Government invests in innovative clean-energy programs

Today at the 2016 Globe Conference on Sustainability and Innovation Premier Christy Clark announced funding of $11.9 million from the Province’s Innovative Clean Energy (ICE) Fund for three programs aimed at promoting clean-energy vehicles, clean air and clean water.

In response to strong demand for clean-energy vehicles the Province is injecting an additional $6.89 million into the Clean Energy Vehicle Program to ensure purchase incentives continue to be available for British Columbians who choose a qualifying electric or hydrogen fuel cell vehicle, and to make further investments in charging infrastructure.

“Encouraging environmentally friendly transportation is part of our broader plan to ensure British Columbia remains a climate action leader,” said Premier Clark. “Last December in Paris, B.C. became the 14th member of the Zero Emission Vehicle Alliance, joining leading jurisdictions such as Germany, the United Kingdom, and west coast partners California and Oregon in a commitment to accelerate the global transition to zero-emission vehicles. This is another step towards making that happen.”

Under the Clean Energy Vehicle (CEV) Program, point-of-sale incentives of up to $5,000 are available for the purchase or lease of a new battery electric or plug-in hybrid electric vehicle, and up to $6,000 for a hydrogen fuel cell vehicle. When combined with SCRAP-IT program incentives, total savings could be up to $8,250 for an electric vehicle.

Christyclarkatglobeconference
B.C. Premier Christy Clark

“Uptake on clean-energy vehicle incentives has exceeded our expectations, and that’s great news,” said Minister of Energy and Mines Bill Bennett. “Transportation represents over a third of B.C.’s total provincial greenhouse gas emissions and nearly half of the emissions by the average B.C. family, so stimulating the purchase of clean-energy vehicles is one of the most effective ways we can reduce greenhouse gas emissions.”

To ensure the funds available for incentives go further and are available for more British Columbians purchasing lower-cost CEVs, the Province has established a vehicle price cap. Effective immediately, any CEV with a manufacturer suggested retail price above $77,000 will not be eligible for a purchase incentive from the CEV program.

The Ministry of Energy and Mines will continue to administer the CEV incentive program through a partnership with the New Car Dealers Association of British Columbia.

In addition to $6 million for purchase incentives, the CEV Program will receive $890,000 for further investments in programs under development to expand public and residential charging infrastructure and encourage fleet purchases of CEVs.

Premier Clark also announced that effective immediately, eligible electric and hydrogen fuel cell vehicles displaying an official decal are allowed in high occupancy vehicle (HOV) lanes throughout the province regardless of the number of passengers in the vehicle.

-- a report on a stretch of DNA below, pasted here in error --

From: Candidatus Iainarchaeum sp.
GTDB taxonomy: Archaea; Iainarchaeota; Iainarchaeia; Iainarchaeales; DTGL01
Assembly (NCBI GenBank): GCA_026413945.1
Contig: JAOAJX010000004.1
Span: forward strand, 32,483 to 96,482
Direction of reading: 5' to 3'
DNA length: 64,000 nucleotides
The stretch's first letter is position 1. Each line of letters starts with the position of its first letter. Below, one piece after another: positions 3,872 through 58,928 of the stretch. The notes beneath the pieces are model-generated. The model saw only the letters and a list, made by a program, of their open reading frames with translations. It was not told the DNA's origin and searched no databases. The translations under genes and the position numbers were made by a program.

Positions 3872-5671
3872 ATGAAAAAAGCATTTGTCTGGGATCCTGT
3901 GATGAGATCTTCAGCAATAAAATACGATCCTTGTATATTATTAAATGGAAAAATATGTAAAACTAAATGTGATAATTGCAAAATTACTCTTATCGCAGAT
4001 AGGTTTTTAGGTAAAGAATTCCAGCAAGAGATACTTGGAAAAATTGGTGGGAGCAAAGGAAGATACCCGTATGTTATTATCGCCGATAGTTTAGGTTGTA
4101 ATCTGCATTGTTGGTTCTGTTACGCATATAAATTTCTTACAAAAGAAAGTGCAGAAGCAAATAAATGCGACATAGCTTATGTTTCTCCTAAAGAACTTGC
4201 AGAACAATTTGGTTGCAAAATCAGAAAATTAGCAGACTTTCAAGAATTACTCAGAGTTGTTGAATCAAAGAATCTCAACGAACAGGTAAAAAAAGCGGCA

British Columbia is a leader in clean-energy vehicles with the largest public charging infrastructure network in Canada and the highest per capita adoption of electric vehicles in Canada.

In addition to funding for the CEV Program, Premier Clark announced funding for two other projects from the ICE fund today to support government’s energy and environmental priorities and the development of new technology:

  • $3.75 million to Carbon Engineering Ltd. to support the design and construction of a synthetic fuels demonstration plant in Squamish that will use carbon dioxide captured from thin air to synthesize diesel or gasoline fuel. The project will deliver the world’s first “air-to-fuels” plant and demonstrate that it is technically and economically viable to produce low-carbon fuel using carbon captured directly from the atmosphere. Such synthetic fuels – diesel or gasoline – would be manufactured from carbon dioxide captured from the air, water, and renewable electricity, so that once burned in a vehicle they would simply return the carbon to the air – meaning the fuels can be nearly carbon-neutral.
  • $1.25 million will support Saltworks Technologies of Vancouver in designing, building and implementing  two demonstration pilots using their patented wastewater treatment technologies to remove nitrates in a test environment and selenium at Teck Resources’ Fording River mine site. Selenium is released from the weathering of mining waste rock, which contaminates rain water flowing through the waste rock piles. If successful, the projects may result in the construction of full-scale mine-water-treatment plants around the world using Saltworks’ made-in-B.C. technology.

The ICE Fund is designed to support government’s energy and environmental priorities and advance British Columbia’s clean energy sector. The ICE Fund receives funding through a 0.4% levy on the final sale of specified energy products such as natural gas, fuel oil and grid-delivered propane.

British Columbia is recognized as a world leader in the fight against climate change, while growing a strong economy:

  • First jurisdiction in North America to introduce a broad-based, revenue-neutral carbon tax, with a price on carbon of $30/tonne.
  • Clean electricity supply through hydro-electric power and renewables. B.C.’s electricity supply was 97.9% clean for the year ending March 31, 2015.